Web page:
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J Antimicrob Chemother. 2015 Sep;70(9):2671-7. doi: 10.1093/jac/dkv165. Epub 2015 Jul 13.

The ADMIN-ICU survey: a survey on antimicrobial dosing and monitoring in ICUs.

Author information

1
Intensive Care Unit, The Royal Brisbane and Women's Hospital, Brisbane, Australia Burns, Trauma, and Critical Care Research Centre, The University of Queensland, Brisbane, Australia alextabah@gmail.com.
2
Department of Critical Care Medicine, Ghent University Hospital, Ghent, Belgium.
3
Intensive Care Unit, The Royal Brisbane and Women's Hospital, Brisbane, Australia Burns, Trauma, and Critical Care Research Centre, The University of Queensland, Brisbane, Australia Faculty of Health, Queensland University of Technology, Brisbane, Australia.
4
Unité de Prévention et de Lutte contre les Infections Nosocomiales, CHU Angers - Université D'Angers, Angers, France.
5
Intensive Care Unit, The Royal Brisbane and Women's Hospital, Brisbane, Australia Burns, Trauma, and Critical Care Research Centre, The University of Queensland, Brisbane, Australia.
6
Pharmacy Department, St Helens and Knowsley Teaching Hospitals NHS Trust, Liverpool, UK School of Pharmacy & Biomolecular Sciences, Liverpool John Moores University, Liverpool, UK.
7
APHP - Hopital Bichat - Reanimation Medicale et des maladies infectieuses, F-75018 Paris, France UMR 1137 - IAME Team 5 - DeSCID: Decision SCiences in Infectious Diseases, control and care; Inserm/Univ Paris Diderot, Sorbonne Paris Cité, F-75018 Paris, France.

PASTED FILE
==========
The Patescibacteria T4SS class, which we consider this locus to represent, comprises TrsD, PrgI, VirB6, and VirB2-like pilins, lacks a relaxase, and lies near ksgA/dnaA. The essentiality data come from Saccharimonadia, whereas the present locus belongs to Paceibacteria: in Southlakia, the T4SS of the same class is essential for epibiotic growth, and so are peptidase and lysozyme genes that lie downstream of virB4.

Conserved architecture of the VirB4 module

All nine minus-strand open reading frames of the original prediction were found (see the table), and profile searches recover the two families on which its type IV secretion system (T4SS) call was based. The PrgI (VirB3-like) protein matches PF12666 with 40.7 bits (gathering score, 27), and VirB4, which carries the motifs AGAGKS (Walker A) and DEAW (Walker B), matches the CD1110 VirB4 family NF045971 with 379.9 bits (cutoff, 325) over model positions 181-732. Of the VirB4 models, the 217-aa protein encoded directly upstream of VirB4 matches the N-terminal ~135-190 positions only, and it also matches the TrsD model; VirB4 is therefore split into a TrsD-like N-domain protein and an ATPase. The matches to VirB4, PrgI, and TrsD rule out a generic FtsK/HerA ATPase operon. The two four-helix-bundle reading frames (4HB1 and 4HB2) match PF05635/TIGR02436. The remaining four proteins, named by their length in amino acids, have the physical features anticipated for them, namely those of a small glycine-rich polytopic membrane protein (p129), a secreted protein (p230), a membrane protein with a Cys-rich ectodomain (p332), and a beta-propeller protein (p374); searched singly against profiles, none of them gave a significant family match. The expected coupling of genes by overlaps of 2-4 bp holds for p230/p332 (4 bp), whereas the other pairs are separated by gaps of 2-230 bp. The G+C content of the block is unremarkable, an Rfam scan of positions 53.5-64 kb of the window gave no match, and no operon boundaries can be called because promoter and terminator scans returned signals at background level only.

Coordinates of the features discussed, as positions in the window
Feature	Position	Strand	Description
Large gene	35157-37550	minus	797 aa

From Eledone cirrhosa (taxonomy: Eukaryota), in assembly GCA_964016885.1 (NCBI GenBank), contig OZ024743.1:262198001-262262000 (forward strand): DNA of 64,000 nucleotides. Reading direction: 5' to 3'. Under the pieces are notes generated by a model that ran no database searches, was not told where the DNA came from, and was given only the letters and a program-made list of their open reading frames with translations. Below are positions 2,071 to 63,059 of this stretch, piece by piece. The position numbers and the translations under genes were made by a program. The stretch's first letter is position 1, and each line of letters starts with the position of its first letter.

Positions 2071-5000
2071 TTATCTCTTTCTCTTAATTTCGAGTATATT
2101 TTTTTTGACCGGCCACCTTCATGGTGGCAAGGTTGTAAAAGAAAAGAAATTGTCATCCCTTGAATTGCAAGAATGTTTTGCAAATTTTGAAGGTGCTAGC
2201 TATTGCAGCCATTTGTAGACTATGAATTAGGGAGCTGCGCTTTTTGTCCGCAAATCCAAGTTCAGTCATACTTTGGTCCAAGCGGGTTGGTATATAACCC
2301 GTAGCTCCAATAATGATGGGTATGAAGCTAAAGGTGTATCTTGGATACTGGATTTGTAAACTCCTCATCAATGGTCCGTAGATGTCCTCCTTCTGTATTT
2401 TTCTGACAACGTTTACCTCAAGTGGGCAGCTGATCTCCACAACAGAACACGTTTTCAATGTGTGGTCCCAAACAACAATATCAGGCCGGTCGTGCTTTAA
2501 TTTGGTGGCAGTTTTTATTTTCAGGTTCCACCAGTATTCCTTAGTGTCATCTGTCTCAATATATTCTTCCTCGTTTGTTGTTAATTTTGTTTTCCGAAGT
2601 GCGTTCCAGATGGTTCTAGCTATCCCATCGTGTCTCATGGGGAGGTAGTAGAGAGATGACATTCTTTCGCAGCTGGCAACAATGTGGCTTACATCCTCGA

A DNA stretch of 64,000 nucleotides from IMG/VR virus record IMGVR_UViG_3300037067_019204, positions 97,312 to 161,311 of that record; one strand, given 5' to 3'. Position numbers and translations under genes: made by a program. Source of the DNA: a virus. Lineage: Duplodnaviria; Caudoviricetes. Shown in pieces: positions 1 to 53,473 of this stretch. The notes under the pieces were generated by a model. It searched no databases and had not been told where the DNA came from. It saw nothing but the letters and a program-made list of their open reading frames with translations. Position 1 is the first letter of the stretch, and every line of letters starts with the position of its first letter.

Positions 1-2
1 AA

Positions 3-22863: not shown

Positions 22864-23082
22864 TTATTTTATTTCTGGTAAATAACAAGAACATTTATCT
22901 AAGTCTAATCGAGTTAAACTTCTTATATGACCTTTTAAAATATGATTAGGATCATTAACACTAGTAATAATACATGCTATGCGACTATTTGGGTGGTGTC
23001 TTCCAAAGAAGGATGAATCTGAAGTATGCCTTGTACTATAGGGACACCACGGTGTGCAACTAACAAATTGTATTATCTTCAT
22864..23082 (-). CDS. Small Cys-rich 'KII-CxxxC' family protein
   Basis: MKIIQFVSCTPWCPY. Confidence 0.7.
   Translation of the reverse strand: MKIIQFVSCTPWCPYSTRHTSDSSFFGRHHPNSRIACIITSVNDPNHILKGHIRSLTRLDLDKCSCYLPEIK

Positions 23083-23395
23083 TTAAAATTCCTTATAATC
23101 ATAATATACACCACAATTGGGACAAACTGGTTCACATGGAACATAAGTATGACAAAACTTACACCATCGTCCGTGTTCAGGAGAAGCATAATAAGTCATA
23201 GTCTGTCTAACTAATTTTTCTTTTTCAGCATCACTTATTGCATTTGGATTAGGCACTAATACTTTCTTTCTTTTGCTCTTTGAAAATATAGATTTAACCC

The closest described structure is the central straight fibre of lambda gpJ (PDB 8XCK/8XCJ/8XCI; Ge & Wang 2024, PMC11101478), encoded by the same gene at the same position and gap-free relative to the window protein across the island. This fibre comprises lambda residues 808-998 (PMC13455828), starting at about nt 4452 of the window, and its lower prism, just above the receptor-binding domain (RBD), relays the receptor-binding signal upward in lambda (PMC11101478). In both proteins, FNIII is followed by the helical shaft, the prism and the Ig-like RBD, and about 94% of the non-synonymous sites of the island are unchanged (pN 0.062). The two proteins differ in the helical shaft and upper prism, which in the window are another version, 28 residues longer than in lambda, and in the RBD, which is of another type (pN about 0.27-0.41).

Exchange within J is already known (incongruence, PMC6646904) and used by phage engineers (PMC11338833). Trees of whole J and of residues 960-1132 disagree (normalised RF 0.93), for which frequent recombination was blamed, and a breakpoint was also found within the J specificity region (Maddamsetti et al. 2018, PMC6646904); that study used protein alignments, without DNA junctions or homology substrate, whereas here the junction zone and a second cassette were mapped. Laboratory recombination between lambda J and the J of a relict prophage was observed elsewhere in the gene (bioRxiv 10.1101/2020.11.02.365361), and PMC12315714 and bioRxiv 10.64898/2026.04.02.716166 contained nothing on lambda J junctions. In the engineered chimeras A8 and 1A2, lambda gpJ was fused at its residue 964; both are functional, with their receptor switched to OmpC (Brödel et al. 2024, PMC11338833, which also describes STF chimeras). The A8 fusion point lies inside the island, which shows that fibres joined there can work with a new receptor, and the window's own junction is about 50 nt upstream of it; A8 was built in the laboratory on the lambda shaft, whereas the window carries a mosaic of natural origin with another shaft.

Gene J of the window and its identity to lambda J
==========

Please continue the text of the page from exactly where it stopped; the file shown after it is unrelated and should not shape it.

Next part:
Abstract

OBJECTIVES:

There is little evidence and few guidelines to inform the most appropriate dosing and monitoring for antimicrobials in the ICU. We aimed to survey current practices around the world.

METHODS:

An online structured questionnaire was developed and sent by e-mail to obtain information on local antimicrobial prescribing practices for glycopeptides, piperacillin/tazobactam, carbapenems, aminoglycosides and colistin.

RESULTS:

A total of 402 professionals from 328 hospitals in 53 countries responded, of whom 78% were specialists in intensive care medicine (41% intensive care, 30% anaesthesiology, 14% internal medicine) and 12% were pharmacists. Vancomycin was used as a continuous infusion in 31% of units at a median (IQR) daily dose of 25 (25-30) mg/kg. Piperacillin/tazobactam was used as an extended infusion by 22% and as a continuous infusion by 7%. An extended infusion of carbapenem (meropenem or imipenem) was used by 27% and a continuous infusion by 5%. Colistin was used at a daily dose of 7.5 (3.9-9) million IU (MIU)/day, predominantly as a short infusion. The most commonly used aminoglycosides were gentamicin (55%) followed by amikacin (40%), with administration as a single daily dose reported in 94% of the cases. Gentamicin was used at a daily dose of 5 (5-6) mg/day and amikacin at a daily dose of 15 (15-20) mg/day. Therapeutic drug monitoring of vancomycin, piperacillin/tazobactam and meropenem was used by 74%, 1% and 2% of the respondents, respectively. Peak aminoglycoside concentrations were sampled daily by 28% and trough concentrations in all patients by 61% of the respondents.

CONCLUSIONS:

We found wide variability in reported practices for antibiotic dosing and monitoring. Research is required to develop evidence-based guidelines to standardize practices.

PMID:
26169558
DOI:
10.1093/jac/dkv165
[Indexed for MEDLINE]

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